2labdad, back at it, dlos, goheelzfan, rainmaker, Reach Runner, rtaggio, thefuzz, Tperkerson and 4 others liked this post. (Show less...)
Old 09-30-2019, 12:45 PM
  #15  
Senior Member
 
Join Date: Feb 2011
Posts: 1,163
Received 205 Likes on 145 Posts
Default

Well bottom line is the fact that the fire dept was ill prepared for this type of fire and are very lucky the breezes were relatively light. No lives were lost with no injuries reported which is great news. Have no idea as to the cost of a sprinkler system but is probably money well spent if one is interested in saving their home and possibly their lives.
Old 09-30-2019, 12:50 PM
  #16  
Junior Member
 
Join Date: Mar 2004
Location:
Posts: 19
Received 11 Likes on 8 Posts
Default

I normally don't reply to these type of threads. However, in this case, from my perspective as a retired chief officer with over 30 years service, I will say that in my opinion, Screaming Reels is right on the money. Great post.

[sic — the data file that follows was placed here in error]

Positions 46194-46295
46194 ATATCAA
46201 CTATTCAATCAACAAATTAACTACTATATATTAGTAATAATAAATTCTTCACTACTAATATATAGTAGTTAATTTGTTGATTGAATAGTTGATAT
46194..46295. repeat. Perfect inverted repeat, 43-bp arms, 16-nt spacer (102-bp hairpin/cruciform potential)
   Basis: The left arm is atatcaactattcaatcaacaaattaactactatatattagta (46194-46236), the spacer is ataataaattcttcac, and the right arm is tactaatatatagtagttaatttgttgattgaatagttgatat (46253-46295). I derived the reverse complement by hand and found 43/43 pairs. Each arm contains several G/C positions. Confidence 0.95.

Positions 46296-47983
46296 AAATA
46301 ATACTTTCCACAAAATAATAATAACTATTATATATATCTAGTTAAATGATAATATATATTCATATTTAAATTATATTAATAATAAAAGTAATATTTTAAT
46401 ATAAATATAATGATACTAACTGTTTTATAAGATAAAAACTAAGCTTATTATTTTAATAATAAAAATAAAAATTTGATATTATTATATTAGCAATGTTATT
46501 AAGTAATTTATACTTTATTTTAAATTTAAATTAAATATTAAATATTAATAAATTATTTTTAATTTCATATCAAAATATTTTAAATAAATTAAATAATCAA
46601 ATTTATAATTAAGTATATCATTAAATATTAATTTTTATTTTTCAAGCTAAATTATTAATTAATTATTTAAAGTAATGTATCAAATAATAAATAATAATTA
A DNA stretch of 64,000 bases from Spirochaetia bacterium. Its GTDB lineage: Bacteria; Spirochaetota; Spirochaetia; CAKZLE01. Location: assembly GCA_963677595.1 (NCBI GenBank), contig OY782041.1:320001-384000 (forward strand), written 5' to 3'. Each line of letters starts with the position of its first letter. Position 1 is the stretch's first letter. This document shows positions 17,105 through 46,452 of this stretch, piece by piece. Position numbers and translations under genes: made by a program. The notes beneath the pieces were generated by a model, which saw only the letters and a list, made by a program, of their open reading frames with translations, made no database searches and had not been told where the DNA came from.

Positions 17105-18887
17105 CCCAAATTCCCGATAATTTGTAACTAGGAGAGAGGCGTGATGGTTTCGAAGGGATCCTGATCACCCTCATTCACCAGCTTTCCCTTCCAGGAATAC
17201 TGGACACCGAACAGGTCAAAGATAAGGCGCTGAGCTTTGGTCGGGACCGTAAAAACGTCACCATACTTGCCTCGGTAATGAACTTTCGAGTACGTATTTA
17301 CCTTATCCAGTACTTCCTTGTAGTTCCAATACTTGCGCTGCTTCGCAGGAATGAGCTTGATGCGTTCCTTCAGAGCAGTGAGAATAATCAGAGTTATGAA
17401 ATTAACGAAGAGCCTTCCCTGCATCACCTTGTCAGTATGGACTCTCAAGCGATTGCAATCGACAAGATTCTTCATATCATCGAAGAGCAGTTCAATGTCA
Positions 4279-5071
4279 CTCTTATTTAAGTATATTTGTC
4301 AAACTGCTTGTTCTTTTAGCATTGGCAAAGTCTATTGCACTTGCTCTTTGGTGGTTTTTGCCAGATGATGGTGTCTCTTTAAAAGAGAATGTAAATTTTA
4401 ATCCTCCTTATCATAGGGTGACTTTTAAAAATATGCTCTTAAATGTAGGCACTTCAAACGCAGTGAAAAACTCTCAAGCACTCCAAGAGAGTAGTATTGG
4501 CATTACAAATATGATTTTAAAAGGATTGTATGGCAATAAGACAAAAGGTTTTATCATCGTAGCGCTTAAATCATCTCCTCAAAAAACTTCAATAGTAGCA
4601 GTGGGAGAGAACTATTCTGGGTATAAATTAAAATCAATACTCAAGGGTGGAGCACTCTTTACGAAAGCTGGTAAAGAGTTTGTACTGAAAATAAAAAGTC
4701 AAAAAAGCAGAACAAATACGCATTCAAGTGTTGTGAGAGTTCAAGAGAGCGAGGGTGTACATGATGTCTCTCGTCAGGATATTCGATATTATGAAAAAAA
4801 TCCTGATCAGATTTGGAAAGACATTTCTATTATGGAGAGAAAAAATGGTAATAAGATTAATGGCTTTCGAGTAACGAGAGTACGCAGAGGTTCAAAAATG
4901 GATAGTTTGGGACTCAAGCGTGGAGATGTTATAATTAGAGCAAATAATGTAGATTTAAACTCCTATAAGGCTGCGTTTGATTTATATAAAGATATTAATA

Old 09-30-2019, 12:55 PM
  #17  
Admirals Club Admiral's Club Member
 
Join Date: Mar 2016
Location: North Carolina
Posts: 257
Received 25 Likes on 15 Posts
Default

Originally Posted by gillnetflounderman View Post
Well bottom line is the fact that the fire dept was ill prepared for this type of fire and are very lucky the breezes were relatively light. No lives were lost with no injuries reported which is great news. Have no idea as to the cost of a sprinkler system but is probably money well spent if one is interested in saving their home and possibly their lives.
Again a very Ignorant statement. Do you know anything about the fire service? Have you ever ran command of a fire scene? Have you ever had a charcoal grill burn the exact same every time you used it? Fires always burn different. There is no way to be 100% prepared for a structure fire. All you can do is your best with what you are giving. The fire department wasnt "ill" prepared. Showing up with empty water tanks, no ppe, no hose, not enough fuel in the trucks, and not enough trained personnel is "ill prepared". As for the cost of the sprinkler system, on a structure like that maybe $25,000-$50,000. Does your house have one? Has your house caught on fire and needed one? Would you spend that money on something to never use it? Think real world on this. This is what the people buying these homes think about.